Electrose insulator (Steinberger patents)

[Trade Journal]

Publication: Western Electrician

Chicago, IL, United States
vol. 42, no. 13, p. 247, col. 1-2

High-potential Insulator of Novel


An insulator for high-tension lines which embodies many novel features has been invented by Louis Steinberger of New York city, who has been granted a patent on the invention. The principal feature of the insulator is the provision of two hoods between which the line wire is clamped, each of these hoods being of special construction, as is also the clamping device. The accompanying diagrams show the general design of the insulator. Fig. 1 is a central longitudinal section, above which is shown a plan view of the lower hood. Fig. 2 is a transverse central section taken at right angles to the one shown in the lower part of Fig. 1.


Fig. 1. High-Potential Insulator.


The supporting pin (9) fitting into the cross-arm has a number of petticoats (10) and a threaded stem (12), all in one piece. Upon this stem is screwed the main insulator body (13), which is shown with a triple petticoated base. The upper portion of this insulator body is spread out into the hood (16), which has on its upper surface a series of longitudinal ribs (17) of substantially arcuate form, each rib being parallel with the general direction of the wire and extending from edge to edge of the hood. Each rib terminates in beads (18) protruding slightly beyond the edge of the insulating hood. Between these beads are concave recesses (19). It is said that this arrangement facilitates the dripping of moisture which gathers, in streams and flows through, longitudinal channels (26) parallel with the wire, being discharged upon opposite sides of the wire so as to miss the cross-arm. Auxiliary wires (21) may be placed in these channels, in cases of emergency or whenever desired, the weight of the wires retaining them in position.


Fig. 2. High-Potential Insulator.


A wide channel extends across the center of the hood. A plate of metal (23) is provided upon its under surface with hooks (24) directed toward each other and imbedded within the body of the insulator hood, thus constituting anchorages which prevent the removal of the plate. This plate is provided with a superposed tubular portion having a slot extending throughout its length. Lugs (27), each of substantially semi-cylindrical form, are mounted integrally upon opposite sides of the slot and together constitute, a divided stem, the two parts of which are separated by a slot (28). The inner ends of the tubular member are provided with threads, and the core (30) extends entirely through the latter and may be closed by tubular clamps (31), threaded externally. Each of these clamps is provided with a square head (32) and with a slot (33) extending entirely through the clamp. The clamp is preferably made with a tapered body, as indicated.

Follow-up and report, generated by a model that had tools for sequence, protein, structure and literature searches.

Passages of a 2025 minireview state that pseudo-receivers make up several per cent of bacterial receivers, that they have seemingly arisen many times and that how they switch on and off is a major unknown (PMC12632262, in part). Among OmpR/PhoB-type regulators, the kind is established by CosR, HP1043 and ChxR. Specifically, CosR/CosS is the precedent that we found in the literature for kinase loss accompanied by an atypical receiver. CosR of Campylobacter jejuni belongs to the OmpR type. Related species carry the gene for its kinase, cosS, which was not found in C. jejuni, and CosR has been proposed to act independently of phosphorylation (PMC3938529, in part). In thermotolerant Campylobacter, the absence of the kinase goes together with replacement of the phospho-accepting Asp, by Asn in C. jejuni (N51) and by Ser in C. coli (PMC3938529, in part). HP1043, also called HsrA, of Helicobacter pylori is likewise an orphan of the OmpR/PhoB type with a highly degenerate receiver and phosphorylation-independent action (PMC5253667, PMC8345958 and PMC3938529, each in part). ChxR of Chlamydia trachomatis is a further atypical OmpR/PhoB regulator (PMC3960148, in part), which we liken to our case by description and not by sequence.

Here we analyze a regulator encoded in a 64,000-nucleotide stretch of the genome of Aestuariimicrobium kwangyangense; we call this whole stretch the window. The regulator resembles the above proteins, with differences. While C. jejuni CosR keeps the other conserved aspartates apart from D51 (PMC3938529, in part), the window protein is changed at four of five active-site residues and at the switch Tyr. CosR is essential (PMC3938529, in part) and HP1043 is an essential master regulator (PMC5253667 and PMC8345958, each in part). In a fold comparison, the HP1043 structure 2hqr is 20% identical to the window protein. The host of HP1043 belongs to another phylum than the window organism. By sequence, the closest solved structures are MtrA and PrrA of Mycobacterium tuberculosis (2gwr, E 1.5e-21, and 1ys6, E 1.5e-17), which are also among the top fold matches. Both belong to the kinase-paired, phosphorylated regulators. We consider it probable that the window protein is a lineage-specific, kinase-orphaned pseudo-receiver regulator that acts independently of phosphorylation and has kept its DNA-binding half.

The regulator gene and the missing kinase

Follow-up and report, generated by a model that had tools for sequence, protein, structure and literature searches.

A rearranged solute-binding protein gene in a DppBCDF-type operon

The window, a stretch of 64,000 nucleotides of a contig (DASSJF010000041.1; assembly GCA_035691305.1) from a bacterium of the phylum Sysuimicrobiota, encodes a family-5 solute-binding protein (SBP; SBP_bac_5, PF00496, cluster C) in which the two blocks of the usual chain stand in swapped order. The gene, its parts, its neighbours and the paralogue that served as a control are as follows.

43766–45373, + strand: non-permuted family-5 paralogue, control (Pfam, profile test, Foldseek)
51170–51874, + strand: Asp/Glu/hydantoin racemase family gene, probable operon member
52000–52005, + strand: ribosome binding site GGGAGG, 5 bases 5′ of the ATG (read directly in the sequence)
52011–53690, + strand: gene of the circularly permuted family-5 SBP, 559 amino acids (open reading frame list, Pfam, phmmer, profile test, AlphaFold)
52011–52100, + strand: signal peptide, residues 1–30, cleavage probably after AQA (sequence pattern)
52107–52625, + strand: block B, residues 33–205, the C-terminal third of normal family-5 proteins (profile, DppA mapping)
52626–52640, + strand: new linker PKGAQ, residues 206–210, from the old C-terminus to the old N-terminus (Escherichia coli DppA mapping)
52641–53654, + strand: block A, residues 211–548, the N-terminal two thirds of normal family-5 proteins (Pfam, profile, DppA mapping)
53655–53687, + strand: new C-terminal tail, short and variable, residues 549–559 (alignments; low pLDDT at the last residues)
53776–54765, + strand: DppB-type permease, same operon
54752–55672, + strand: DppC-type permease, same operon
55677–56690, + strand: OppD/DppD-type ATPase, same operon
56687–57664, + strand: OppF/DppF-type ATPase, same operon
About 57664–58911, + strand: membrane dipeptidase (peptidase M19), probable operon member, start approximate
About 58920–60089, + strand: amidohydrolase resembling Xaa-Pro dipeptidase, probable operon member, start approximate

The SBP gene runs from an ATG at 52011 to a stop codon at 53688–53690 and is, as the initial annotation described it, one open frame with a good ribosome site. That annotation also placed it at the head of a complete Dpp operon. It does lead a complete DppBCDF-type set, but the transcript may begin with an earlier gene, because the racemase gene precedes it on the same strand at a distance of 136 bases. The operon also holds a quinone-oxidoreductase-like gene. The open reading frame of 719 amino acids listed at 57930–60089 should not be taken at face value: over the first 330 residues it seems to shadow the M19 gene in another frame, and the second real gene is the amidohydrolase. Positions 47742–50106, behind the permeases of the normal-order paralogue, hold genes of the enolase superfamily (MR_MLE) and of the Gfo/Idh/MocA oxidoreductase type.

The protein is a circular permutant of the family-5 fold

A screw cap (34), provided with anchorages (35) and (36), is imbedded within the upper or sheltering hood (37), in such a manner that by turning this hood the screw cap may be connected with or disconnected from the divided stem (27). By aid of this screw cap the sheltering hood may be removed or replaced at will. This hood covers the entire insulator and largely shields it from the elements.

In setting up this insulator the body portion is screwed upon the upper end of the insulator pin and turned to such an extent that the plate (23) and its tubular portion are parallel with the general direction in which the wire or cable (39) is to lie. The wire may now be lifted into position or threaded through the tubular member. The cored guard clamps (31) may next be screwed into the ends of the tubular member. Preferably, however, these cored plugs are placed approximately in their respective positions before the wire is placed in position. The plugs are turned so that their slots (33) are uppermost and register with the slot (26), and the wire is raised and simply dropped into the slots. The guards are then turned half a revolution (see lower part of Fig. 1) so that slots (33) are now downward, whereby the wire is firmly and securely locked within the tubular slotted member and cannot be dislodged or removed except by unscrewing the slotted clamping members. The sheltering hood is next screwed into position. This squeezes together the semi-cylindrical portions (27), thereby still further augmenting the locking action of the clamps and effectually preventing any movement whatever of the locked parts.

The invention is not confined to any particular material.


Keywords:Electrose Manufacturing Company : Louis Steinberger
Researcher notes: 
Supplemental information: 
Researcher:Elton Gish
Date completed:September 28, 2009 by: Bob Stahr;